CC: flank pain
HPI: 56 year old Korean man with no past medical history reports 2 months of worsening bilateral flank pain. He states it was of sudden onset with gradual worsening of the pain over 2 months. It radiates to upper back, but there is no radiation to groin. Intensity is 10/10 at its worst, intermittent, sharp in quality, and worse when lying down. In addition, he complains of subjective fevers, abdominal swelling, shortness of breath and decreased exercise tolerance. He is only able to walk up 1 flight of stairs when he previously could walk multiple flights. He denies chest pain, palpitations, lower extremity swelling, and orthopnea. He also denies any changes to urination, dysuria, frequency, gross hematuria or difficulty urinating. The patient has been seen at several outside emergency departments, however, he has not had further work up due to lack of funding. He reports he has always been healthy and has never been hospitalized, never had surgeries, and never been treated for any diseases. Exam is pertinent for decrease breath sounds at the bilateral lung bases with dullness to percussion. The patient also has moderate tenderness to palpation to bilateral flanks.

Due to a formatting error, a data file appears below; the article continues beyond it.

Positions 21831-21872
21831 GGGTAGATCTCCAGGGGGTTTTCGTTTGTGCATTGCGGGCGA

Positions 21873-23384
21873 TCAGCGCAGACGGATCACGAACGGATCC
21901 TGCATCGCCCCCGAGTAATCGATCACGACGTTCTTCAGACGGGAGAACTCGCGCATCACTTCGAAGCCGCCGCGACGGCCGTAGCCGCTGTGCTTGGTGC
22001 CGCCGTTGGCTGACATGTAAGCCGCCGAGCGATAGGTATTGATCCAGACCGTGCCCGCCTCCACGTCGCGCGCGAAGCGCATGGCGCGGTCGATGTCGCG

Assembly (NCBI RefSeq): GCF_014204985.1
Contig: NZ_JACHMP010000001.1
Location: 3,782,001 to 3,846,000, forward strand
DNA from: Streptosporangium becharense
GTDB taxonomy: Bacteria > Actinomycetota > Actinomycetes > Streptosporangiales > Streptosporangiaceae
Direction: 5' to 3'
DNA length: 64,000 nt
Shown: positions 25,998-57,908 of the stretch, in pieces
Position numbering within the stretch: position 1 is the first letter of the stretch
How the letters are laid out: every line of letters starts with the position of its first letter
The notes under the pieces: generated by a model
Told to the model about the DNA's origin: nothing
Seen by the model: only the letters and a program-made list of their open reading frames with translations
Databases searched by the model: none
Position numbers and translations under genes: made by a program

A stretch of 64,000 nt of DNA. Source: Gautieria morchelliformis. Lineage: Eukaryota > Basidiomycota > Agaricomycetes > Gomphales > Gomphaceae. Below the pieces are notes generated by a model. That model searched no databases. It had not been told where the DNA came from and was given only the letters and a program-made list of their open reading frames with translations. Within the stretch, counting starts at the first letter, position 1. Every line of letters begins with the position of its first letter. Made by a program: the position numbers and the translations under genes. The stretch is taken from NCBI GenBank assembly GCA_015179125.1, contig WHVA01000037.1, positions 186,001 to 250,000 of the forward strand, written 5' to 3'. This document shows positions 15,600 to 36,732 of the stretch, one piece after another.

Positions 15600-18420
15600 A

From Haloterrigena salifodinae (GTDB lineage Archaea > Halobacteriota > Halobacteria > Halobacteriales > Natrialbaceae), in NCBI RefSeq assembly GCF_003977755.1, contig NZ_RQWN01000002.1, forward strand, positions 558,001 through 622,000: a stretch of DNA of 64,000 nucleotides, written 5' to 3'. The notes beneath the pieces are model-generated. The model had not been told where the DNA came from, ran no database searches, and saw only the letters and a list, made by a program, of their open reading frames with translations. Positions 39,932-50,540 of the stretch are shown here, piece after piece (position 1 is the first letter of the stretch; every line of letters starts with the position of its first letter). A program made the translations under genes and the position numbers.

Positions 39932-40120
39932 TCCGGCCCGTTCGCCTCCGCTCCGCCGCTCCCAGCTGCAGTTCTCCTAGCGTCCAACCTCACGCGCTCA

UA: moderate blood, 4-5 RBCs
Urine Cr 45
Urine urea 219
IgG 1046 mg/dL (690-1600)
Moderate bilateral hydronephrosis. No obstructing lesion is identified within the renal collecting systems.
Bilateral pleural effusions.
Cell count = 1073 (PMN 5%, lymph 23%, 9% mono, 63% other)
Protein 4.3, ratio: 4.3/6.0 = 0.72
LDH 221, ratio: 221/154 = 1.44
Gram stain negative, no organisms
Fungal culture negative
Pleural Fluid Cytology:
CT Abdomen/Pelvis with Contrast:
The patient had evidence of bilateral hydronephrosis and pleural effusions. CT A/P demonstrated retroperitoneal fibrosis encasing the bilateral renal arteries and abdominal aorta, with hepatosplenomegaly, and mild T12 vertebral body compression fracture. Urology performed cystocospy with ureteral stent placement however renal function worsened requring IR to place nephrostomy tubes. Pleural fluid was obtained with cytology positive for adenocarcinoma. The patient’s IgG4 levels were not elevated. Overall, it was though that the patient had retroperitoneal fibrosis secondary to malignancy which was discovered to be signet ring cell adenocarcinoma of the gastrointestinal tract.
Morning Report Pearls:
Retroperitoneal fibrosis is a rare entity that involves fibrotic tissue encasing abdominal organs including the ureters. Hydronephrosis without any obvious causative lesion on abdominal ultrasound is a classic finding that was seen in this patient.
It can be primary or secondary in nature. Primary disease includes IgG4 disease. Secondary causes include: Drugs, Biologics, Malignancy, Infections, Autoimmune disease, Radiation, Retroperitoneal hemorrhage, and Surgery